Leaving On a Jet Plane



I pay attention to the time. For me, being “on time” is actually arriving about 10 minutes early. This sense of time is heightened when I travel, starting with planning a trip. As the actual departure date approaches, there is an inevitable “countdown.” Three factors directly impact when my countdown begins: 1. the length of time between buying the ticket and the departure date; 2. the amount of work that must be done before leaving; and 3. the trip’s purpose.

I knew in June 2012 when I applied to the Peace Corps that the duration of service was 27 months. Under certain conditions, PCVs can “close” their service 30 days early and many volunteers take advantage of this benefit.  All but 5 of the 26 remaining PCVs in my cohort are leaving the PC on July 7th. I am one of the 5 remaining.

For months there has been talk of where to go on the way home. After all, who knows when any of us will be back in this part of the world, so we should take advantage of the situation. Some of the places RPCVs (Returned PCVs, as we will be known) are stopping are France, Italy, Japan, South Africa, Turkey and the UK. But before the jetting begins, there is one final gathering of volunteers this weekend, so the farewells are just around the corner (2 days and counting).

But Monday was the first time I actually felt the reality of my departure as I said good bye to a dear friend. The funny thing is that she’s the one leaving, not I. For the last 2 years, I’ve had the great pleasure of working with a smart, hard-working, dedicated and very determined young Armenian woman. Several PCVs have helped Gayane G over the last 5 years; I am just the latest one. I tutored Gayane in English, introduced her to TED Talks, helped prepare her for TOEFL and GRE exams, edited essays, critiqued her oration and, in the process, became part of her family. Together we watched videos of tornadoes and other things she had never seen and had cross cultural discussions while sipping tea and eating gata and my favorite cookies baked and served by her mother.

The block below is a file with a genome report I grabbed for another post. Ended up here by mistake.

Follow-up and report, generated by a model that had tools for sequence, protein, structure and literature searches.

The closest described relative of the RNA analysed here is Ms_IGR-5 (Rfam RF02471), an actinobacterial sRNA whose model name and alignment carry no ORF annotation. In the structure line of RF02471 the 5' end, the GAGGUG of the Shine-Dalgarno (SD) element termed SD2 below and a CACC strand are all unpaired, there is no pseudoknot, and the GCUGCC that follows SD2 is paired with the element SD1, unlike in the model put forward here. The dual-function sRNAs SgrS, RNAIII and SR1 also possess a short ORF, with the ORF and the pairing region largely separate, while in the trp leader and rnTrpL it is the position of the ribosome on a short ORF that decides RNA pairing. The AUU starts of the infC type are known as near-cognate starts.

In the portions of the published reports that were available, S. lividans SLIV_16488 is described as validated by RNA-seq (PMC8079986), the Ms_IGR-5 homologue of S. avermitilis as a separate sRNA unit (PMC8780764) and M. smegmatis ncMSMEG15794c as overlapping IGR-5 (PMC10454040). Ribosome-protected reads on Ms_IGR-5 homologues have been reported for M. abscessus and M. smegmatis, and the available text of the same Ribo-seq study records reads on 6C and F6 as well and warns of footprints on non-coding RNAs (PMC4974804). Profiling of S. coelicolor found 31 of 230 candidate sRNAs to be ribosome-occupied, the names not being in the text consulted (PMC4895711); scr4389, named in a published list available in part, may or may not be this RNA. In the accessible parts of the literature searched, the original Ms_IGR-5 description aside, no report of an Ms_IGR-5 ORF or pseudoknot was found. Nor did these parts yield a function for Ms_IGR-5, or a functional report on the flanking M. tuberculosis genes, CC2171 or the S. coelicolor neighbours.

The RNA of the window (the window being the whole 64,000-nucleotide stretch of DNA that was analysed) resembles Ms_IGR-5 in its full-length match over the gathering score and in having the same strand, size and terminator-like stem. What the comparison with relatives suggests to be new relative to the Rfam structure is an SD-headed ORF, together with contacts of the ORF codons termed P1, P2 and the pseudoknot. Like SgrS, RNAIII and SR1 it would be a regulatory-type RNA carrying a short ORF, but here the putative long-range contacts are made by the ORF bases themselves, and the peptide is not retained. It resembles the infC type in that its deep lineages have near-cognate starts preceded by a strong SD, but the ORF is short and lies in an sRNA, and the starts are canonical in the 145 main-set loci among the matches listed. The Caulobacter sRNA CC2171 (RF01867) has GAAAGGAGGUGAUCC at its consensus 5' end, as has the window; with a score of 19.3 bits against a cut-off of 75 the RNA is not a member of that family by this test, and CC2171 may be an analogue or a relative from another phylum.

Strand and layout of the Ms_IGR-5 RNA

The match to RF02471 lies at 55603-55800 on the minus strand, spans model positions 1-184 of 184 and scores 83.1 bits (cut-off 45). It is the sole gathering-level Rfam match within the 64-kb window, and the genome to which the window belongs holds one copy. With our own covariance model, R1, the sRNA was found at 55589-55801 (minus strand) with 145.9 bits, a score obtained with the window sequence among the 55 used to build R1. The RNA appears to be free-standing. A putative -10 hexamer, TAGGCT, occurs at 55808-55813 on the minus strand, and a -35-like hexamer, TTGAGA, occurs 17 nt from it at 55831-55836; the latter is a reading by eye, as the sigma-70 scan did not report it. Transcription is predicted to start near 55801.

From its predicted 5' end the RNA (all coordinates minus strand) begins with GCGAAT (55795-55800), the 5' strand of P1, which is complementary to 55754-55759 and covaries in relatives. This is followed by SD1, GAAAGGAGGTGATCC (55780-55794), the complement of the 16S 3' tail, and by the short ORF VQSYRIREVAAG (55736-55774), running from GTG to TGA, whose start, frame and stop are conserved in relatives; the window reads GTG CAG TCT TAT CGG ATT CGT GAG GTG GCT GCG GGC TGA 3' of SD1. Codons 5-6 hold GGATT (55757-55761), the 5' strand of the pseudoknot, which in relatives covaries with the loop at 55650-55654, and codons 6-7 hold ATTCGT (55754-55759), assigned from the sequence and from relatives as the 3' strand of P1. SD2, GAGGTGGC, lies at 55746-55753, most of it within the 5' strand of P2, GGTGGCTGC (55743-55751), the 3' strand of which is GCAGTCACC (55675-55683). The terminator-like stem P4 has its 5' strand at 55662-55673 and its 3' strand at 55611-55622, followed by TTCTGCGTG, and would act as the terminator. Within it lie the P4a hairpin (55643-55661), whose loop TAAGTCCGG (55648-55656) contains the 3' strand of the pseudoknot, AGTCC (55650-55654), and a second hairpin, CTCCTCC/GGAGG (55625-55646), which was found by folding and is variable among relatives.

Gayane's farewell

Gayane’s farewell

I am very proud of Gayane for all she’s done and honored by the small part I played in her reaching her goal. Tomorrow, she leaves for the US as a Fulbright Scholar. She has earned 2 tuition-free years to study in Virginia and receive a masters degree in economics. It’s hard to believe that the next time I see her will be in “America.”

I know it’s no easy task to let your child leave home for years. And while those of us taking a trip are anxiously anticipating it, for the ones we leave behind it’s a very different story. We travelers have new and exciting experiences ahead, but those at home have no such expectation. What I can say, in light of my recent experience, is that the days are long but the years are short.

Wishing my friends and fellow A21s բարի ճանապարհ.

Peace Corps Armenia, A21 Group

Peace Corps Armenia, A21s with Ambassador Mills

As for me, 35 days and counting!


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4 responses to “Leaving On a Jet Plane”

  1. Don Nekrosius says :


    Whether you read this before transit or when on U.S. soil, thank you for representing our country to Armenia. For all that’s said about us as a country and a culture, nothing could better tell of our values and intentions than your service.

  2. Jeanne Zasadil says :

    Heartily concur with Don’t eloquent comment. Hard to believe it’s been more than two years. Thank you for sharing your adventure.

    • Bobbie S says :

      Hi Jeanne,
      Thanks for keeping tabs on me! I’m trying to adjust to the end of this adventure as I sort my belongings and pack those things that make the cut. I’m not even able to imagine what “re-entry” will be like. It’s good to know there are good friends awaiting my return.

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